After the video hit TV, like corporate execs everywhere, the folks running the show in New Orleans scurry around to hide the Dead Guy and send a convoy of 15 vans and people in special suits and all kinda flunkies to make the bad story go away.
And the guy paid to haul New Orleans trash says something pretty profound. He says "they coulda just sent one van to pick up this one Dead Guy and the other 14 coulda gotten other Dead Guys."
Now that's not an exact quote, though I'd be pleased if someone pointed me to it, cause I've had a cold all weekend and I'm not sure if this is a dream I made up in my own head or a story from the radio that was playing as I drifted in a fever doze.
You see New Orleans is full of Dead Guys.
When I was in the local news business we had affectionate names for them: floaters, flyers, the vic, peanut butter. I was forever making sure that the young news hounds didn't actually put the pictures of the floaters still in the water on the air, and I made it a personal rule that no one shot peanut butter ever. Even if there was a new intern learning to edit tape. Not even then.
We didn't call them Dead Guys, but I recognise the moniker. If it's a Dead Guy, it doesn't have anything to do with you. It's just something unpleasant that is someone else's problem, and potentially, if the shot is just right and the producer approves, the lead story. Like if some great big dog gets hit by the side of the road and the maggots come and it bloats and every day for a week you pass it on your way to work and think "where the hell is the city, that stinks." Cause that dog ain't your dog, and that Dead Guy ain't your uncle or brother or nobody special at all. It's just a Dead Guy. And they happen. Mostly on the Sopranos where you don't have to smell them, or in car accidents where you want to crane your neck to see, but not really.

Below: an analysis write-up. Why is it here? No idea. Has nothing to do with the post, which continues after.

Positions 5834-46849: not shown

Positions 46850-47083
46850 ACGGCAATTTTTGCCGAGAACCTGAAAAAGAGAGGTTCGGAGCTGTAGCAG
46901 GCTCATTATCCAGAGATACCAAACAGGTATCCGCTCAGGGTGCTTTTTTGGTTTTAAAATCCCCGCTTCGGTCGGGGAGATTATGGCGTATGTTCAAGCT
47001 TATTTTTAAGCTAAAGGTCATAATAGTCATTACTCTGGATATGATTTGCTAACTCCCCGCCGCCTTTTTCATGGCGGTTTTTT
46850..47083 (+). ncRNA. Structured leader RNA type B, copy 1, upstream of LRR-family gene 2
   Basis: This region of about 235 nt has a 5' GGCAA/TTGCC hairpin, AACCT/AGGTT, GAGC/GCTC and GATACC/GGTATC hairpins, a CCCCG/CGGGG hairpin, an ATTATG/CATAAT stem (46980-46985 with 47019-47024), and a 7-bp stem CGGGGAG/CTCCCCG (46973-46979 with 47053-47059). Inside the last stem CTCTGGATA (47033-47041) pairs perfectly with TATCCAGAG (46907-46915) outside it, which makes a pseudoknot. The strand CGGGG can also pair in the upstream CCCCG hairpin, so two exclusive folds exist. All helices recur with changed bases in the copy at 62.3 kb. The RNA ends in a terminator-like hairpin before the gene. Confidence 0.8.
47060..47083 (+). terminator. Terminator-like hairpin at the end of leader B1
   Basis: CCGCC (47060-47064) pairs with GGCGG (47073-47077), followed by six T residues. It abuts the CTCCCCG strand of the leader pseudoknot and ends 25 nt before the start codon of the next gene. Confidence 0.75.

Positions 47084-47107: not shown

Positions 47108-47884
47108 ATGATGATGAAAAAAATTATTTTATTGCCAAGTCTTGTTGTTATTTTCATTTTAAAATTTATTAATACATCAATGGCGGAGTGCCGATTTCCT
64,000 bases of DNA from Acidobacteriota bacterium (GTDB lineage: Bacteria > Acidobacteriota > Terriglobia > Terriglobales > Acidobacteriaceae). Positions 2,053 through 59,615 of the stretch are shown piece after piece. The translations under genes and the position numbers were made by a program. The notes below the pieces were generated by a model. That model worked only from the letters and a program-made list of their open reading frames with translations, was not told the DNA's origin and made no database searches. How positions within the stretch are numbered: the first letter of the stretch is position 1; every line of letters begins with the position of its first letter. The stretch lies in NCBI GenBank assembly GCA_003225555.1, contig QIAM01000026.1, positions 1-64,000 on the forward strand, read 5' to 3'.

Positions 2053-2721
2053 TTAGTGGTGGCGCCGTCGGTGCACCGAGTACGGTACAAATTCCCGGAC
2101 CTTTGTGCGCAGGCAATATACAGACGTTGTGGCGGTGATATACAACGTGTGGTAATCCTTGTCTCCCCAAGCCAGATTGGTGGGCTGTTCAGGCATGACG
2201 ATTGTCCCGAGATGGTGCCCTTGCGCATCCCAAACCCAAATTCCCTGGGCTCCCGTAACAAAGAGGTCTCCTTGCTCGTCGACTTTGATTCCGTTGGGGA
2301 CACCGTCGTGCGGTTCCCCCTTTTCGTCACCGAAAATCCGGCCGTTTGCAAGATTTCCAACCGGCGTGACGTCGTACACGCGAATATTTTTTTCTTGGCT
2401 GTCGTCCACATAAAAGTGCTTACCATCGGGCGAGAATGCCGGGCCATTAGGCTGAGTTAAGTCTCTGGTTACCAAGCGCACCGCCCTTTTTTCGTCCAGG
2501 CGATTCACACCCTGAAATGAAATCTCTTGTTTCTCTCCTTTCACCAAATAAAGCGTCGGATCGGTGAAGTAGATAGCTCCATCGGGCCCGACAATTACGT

Dead Guys are even funny to take out for a drink like Weekend at Bernie's if you just step back from it a little. And that's exactly where Bush & Co. want us. Back a little. Afraid to find out the real answer. They don't want us to think too hard about all those Dead Guys.
Not the granny Dead Guys in 53 old folks homes that didn't evacuate. Not them. And certainly not the ICU dead guys that got stacked like cordwood in the stairwell at Charity Hospital. Not them either. And they don't want us to think about the Dead Guys laying (or is it lieing) in a pool of they-must-have-been-alive-when-they-were-shot blood in the Superdome, where they got put in a freezer because at least then they could shut the damn door.
If you look at today's news stories, the authorities are parsing pretty fine when it comes to counting all those aunts and uncles and bitty baby Dead Guys. They say there's only 154 so far. But they also say this , and this is what has me worried:
"Although body-recovery operations were still under way, the death toll represents the number of bodies that have been counted where the deaths were a result of Katrina's winds, rains or floodwaters, or those who died as a result of medical equipment that became inoperable during the hurricane."
I was in the media for 8 years and I know the sound of weasel words when I hear them. I want to make sure that these Dead Guys are counted, in their wheelchairs and their mother's arms, and on the buses and on the rooftops and in the back bedroom where their asthma got them if the water didn't. I want to make sure that each and every last one of them is counted.
I want their names written down on a big list, and read off on anniversaries and remembered as people who were loved and who loved and who struggled and lost that fight to Katrina and to time and to bureaucratic bungling.
And I want us all to remember that if we don't see those names, if we know about a Dead Guy whose story has not been told, we have to do just like the guy paid to bulldoze New Orleans trash. We have to tell the story. And if the authorities don't listen, we have to tell the media. And we have to give them a date and a place and a time and a story. And when they show up, we have to make sure that when the convoy of cars trying to clean up the mess they made arrives that we don't let it go unremarked. Not even one Dead Guy. Not in New Orleans. Not in Mississippi, not in Houston, not in Camp Gruber, Oklahoma. Not one.
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